TOP: 4WD tourists arrive at Palm Valley. ABOVE: A montage of photos of Gosse Bluff’s western rim. RIGHT: Magnificent thick vegetation dominated by the unique Red Cabbage Palms. BELOW: A section of Palm Valley from its southern rim. • Palms among the first that you see in the valley. • Nasty Mexican Poppy weed in the bed of the Finke River traversing the conservation park. • Cycads in Palm Valley. • Google earth image of Gosse Bluff.
By ERWIN CHLANDA
You are in a narrow valley formed by sheer red rock walls, studded with cycads and ghost gums with gleaming white trunks.
On its floor, towering over lush vegetation in the cool shade, are some 3000 Red Cabbage Palms which have their origins in Central Australia’s tropical past, survivors in a true oasis now surrounded by harsh dryness.
The annual rainfall is just 200mm but water seeping to the surface forms small ponds, and provides life for the majestic trees.
You’re in Palm Valley.
Some 50 kms to the north-west is Gosse Bluff, believed to have been created 140 million years ago when a comet, 600 metres wide, slammed into the earth, blasting a hole 20 kilometers across.
Erosion has reduced the crater’s height by two kilometers, and its diameter, to five.
The craggy rim holds you captive as you view it from a small rise inside, not in the least because of the stories told by the local Arrernte, who call the place Tnorala: In the legend it was formed by a baby slipping out of its celestial mother’s coolamon and falling from the sky.
This place once rich in food was abandoned, as the story goes, when long before whites arrived, all men, women and children living there were massacred by kadaitcha men from the desert to the south. They in turn were killed by the avenging family.
No-one lives inside Tnorala now.
To the world today it is a prime example of an impact crater. For our tourism promoters it apparently does not exist. Gosse Bluff had 1216 visitors this year up to the end of May.
Palm Valley and Gosse Bluff have two things in common: they could both be major attractions.
And this is a matter to which, judging from election promises, the new Mills Government is likely to be paying a great deal of attention when it dismantles the over-funded and under-achieving Tourism NT.
Both Palm Valley and Gosse Bluff are, in fact, reserved for a tiny fraction of tourists, current or potential: all those who don’t have a big 4WD, don’t want to or can’t afford to hire one, and don’t like going on organised tours are excluded.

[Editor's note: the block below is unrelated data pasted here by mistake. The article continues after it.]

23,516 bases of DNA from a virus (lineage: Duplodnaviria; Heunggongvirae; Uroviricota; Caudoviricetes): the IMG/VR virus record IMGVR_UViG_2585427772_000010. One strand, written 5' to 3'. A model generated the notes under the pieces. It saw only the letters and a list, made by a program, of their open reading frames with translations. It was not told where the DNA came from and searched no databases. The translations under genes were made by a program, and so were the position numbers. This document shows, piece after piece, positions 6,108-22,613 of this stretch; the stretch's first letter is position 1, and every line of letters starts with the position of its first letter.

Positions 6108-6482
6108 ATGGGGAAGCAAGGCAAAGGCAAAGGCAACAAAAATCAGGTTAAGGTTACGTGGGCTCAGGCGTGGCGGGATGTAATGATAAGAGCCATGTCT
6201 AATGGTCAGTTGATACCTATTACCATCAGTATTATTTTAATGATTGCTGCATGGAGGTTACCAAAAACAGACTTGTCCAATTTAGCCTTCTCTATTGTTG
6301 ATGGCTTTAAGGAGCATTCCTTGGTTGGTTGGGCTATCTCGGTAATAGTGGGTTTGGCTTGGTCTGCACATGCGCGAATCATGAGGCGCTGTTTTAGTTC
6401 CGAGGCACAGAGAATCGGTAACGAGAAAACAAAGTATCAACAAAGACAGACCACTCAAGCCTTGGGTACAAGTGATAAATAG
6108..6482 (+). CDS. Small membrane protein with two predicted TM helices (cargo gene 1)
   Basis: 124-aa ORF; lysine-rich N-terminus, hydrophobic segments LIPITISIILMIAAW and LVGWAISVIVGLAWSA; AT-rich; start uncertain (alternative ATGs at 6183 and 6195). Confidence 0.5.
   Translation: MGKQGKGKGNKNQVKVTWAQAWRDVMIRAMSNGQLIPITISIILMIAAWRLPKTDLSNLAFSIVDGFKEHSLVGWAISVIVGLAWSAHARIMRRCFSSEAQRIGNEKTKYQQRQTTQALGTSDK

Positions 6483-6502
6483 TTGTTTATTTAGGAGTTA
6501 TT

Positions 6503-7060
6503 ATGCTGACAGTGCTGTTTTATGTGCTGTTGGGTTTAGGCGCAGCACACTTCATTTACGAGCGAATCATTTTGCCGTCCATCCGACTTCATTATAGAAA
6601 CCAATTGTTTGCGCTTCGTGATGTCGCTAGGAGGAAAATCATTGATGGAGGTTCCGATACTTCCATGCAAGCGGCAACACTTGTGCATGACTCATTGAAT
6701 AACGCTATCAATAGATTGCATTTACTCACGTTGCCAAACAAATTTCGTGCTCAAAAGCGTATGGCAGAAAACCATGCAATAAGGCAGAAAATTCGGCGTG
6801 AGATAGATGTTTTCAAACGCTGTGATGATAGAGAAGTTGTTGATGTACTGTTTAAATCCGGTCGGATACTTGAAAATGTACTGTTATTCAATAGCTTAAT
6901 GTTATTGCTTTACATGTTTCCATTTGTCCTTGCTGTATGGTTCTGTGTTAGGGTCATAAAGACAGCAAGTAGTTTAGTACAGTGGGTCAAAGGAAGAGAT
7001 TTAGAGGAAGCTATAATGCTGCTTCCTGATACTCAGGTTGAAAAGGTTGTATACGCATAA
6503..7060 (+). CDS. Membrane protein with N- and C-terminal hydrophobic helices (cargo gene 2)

There’s a great bitumen road, 120 kilometers, from Alice Springs to Glen Helen.
There is a great bitumen road, 60 kilometers, from Glen Helen to the turn-off to Gosse Bluff.
The distance to the bluff from there is six kilometers. It’s unsealed and marked 4WD.
This means people arriving in The Centre in a two-wheel drive car are discouraged from going there.
If they hire a cheap 2WD ($46.90 a day, according to one company) their insurance would be voided if they go off the bitumen.
To go to Palm Valley they are up for $166.95 a day for a large 4WD (the small ones don’t cut it).
This is surely one of the crassest examples of incompetent road planning, all under the nose of Tourism Central Australia which, it seems to one longtime local operator (speaking on the condition of not being name) is in the final stage of “implosion”.
The access situation is similar at Palm Valley.
You’re on a great bitumen road for the 120 kilometers to Hermannsburg – for which Growth Town tourism enterprise opportunities surely abound.
If from there you’re heading to Palm Valley, just 18 kilometers away, be ready for one of the worst roads known to man. It will take you an hour and a half. Much of the final section you’ll be in first gear low range 4WD.
It’s no big deal in terms of driving skills, just time consuming, irritating, burns a lot of fuel and increases the risk of importing or spreading buffel and couch seeds (the place is heavily infested with those weeds already), and Mexican poppy (quite a few plants are in the Finke River).